Students in the University of Pittsburgh College of Business Administration recently completed high-impact business development and entrepreneurship projects for several small businesses in the Homewood neighborhood of Pittsburgh.
Aiming to help the community with its ongoing economic revitalization efforts, the Pitt Business students completed their work in fall 2018 as part of the Service-Learning in Organizations course in the Certificate Program in Leadership and Ethics. Developed by the David Berg Center for Ethics and Leadership, the course is designed to provide classroom instruction on ethical leadership and real-world experiences through client-based consulting projects.
“Homewood has many dedicated nonprofit and business leaders who are working hard to write the next chapter in the community’s story. Pitt Business and the Berg Center were proud to work with local businesses on these projects and were inspired by the amazing impact these entrepreneurs are having on the community,” says Audrey J. Murrell, associate dean of Pitt Business and director of the Berg Center.
Over the course of a semester, the Pitt Business CPLE students worked with two organizations: the Bible Center Church and the University’s Institute for Entrepreneurial Excellence (IEE). Through the IEE’s Community Power to Prosper Program, the students worked with a number of small businesses.
Led by University of Pittsburgh sociology professor John Wallace, the Bible Center Church is engaged in several innovative startup ventures. It operates the Everyday Café, which bills itself as Pittsburgh’s first completely cashless coffeehouse and community gathering place. Organic fair trade coffee and freshly made sandwiches are salads are on the social enterprise’s menu.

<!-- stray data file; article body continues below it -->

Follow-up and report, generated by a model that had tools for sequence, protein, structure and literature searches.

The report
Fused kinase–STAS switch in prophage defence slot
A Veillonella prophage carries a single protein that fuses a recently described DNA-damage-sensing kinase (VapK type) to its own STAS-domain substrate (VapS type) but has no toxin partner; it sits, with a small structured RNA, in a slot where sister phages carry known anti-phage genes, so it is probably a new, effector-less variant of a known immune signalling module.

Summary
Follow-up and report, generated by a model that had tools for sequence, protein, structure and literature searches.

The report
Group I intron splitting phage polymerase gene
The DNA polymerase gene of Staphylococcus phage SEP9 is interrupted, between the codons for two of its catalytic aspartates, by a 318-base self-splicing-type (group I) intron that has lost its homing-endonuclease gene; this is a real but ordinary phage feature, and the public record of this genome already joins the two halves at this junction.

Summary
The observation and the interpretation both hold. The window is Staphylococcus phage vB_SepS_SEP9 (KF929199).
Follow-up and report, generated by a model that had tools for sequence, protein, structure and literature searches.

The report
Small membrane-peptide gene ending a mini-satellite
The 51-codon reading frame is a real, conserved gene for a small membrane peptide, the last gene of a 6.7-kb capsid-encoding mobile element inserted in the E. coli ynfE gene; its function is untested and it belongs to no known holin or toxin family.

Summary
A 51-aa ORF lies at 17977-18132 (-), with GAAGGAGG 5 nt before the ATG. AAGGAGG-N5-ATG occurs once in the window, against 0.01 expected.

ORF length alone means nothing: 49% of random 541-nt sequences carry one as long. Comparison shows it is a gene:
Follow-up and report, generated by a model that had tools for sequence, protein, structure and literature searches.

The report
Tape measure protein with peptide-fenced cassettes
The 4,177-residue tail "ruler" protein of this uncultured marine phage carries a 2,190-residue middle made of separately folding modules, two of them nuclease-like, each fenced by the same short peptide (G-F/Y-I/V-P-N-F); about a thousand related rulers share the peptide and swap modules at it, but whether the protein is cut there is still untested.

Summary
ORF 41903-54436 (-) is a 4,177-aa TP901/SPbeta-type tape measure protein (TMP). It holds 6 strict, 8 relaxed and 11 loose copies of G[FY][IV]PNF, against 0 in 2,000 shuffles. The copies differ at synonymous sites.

Some of the cafe’s food is sourced from the Bible Center Church’s second entrepreneurial venture: the Oasis Food Farm and Fishery. Located nearby in Homewood, the venue is a solar-powered aquaponics operation that raises fish and grows vegetables and herbs. Oasis Food also puts on educational programs for local youth on urban agriculture and healthy eating.
The Pitt Business CPLE students developed a business plan for the Oasis Center and conducted a market segmentation analysis for The Everyday Cafe. The students’ market plan for the cafe also included best practice assessments and an expansion plan for the cafe’s future plans for catering and a commercial kitchen.
In addition to these projects, the Pitt Business CPLE students also completed a service-learning project for the IEE’s Community Power to Prosper program. The students provided consulting help for six small businesses in the IEE’s urban and community entrepreneurship program.
The students provided market segmentation and business development recommendations for Bonus Tire Service Center (auto services), Ramah International Service Enterprises (foreign language instruction), and Scrip T’s (inspirational apparel). Additionally, the students provided social media strategy for Everday’s a Sundae & Cafe (food services), First Lady Line (online accessories store), and McCali Manor (bed and breakfast).
The Berg Center is a partner in the University of Pittsburgh’s plan to develop Community Engagement Centers in Pittsburgh. Chancellor Patrick Gallagher has described the centers as one-stop shops with dedicated staff who know the community, know the University, and are committed to working together with residents on uplifting projects.
Since 2004, Pitt Business students in the CPLE program have contributed more than 16,000 hours of service in more than 100 projects in the community.
“At the Berg Center, our mission is to create research and education that has an impact on the community. These projects in Homewood gave our students a means to effect meaningful change in the community,” Murrell says.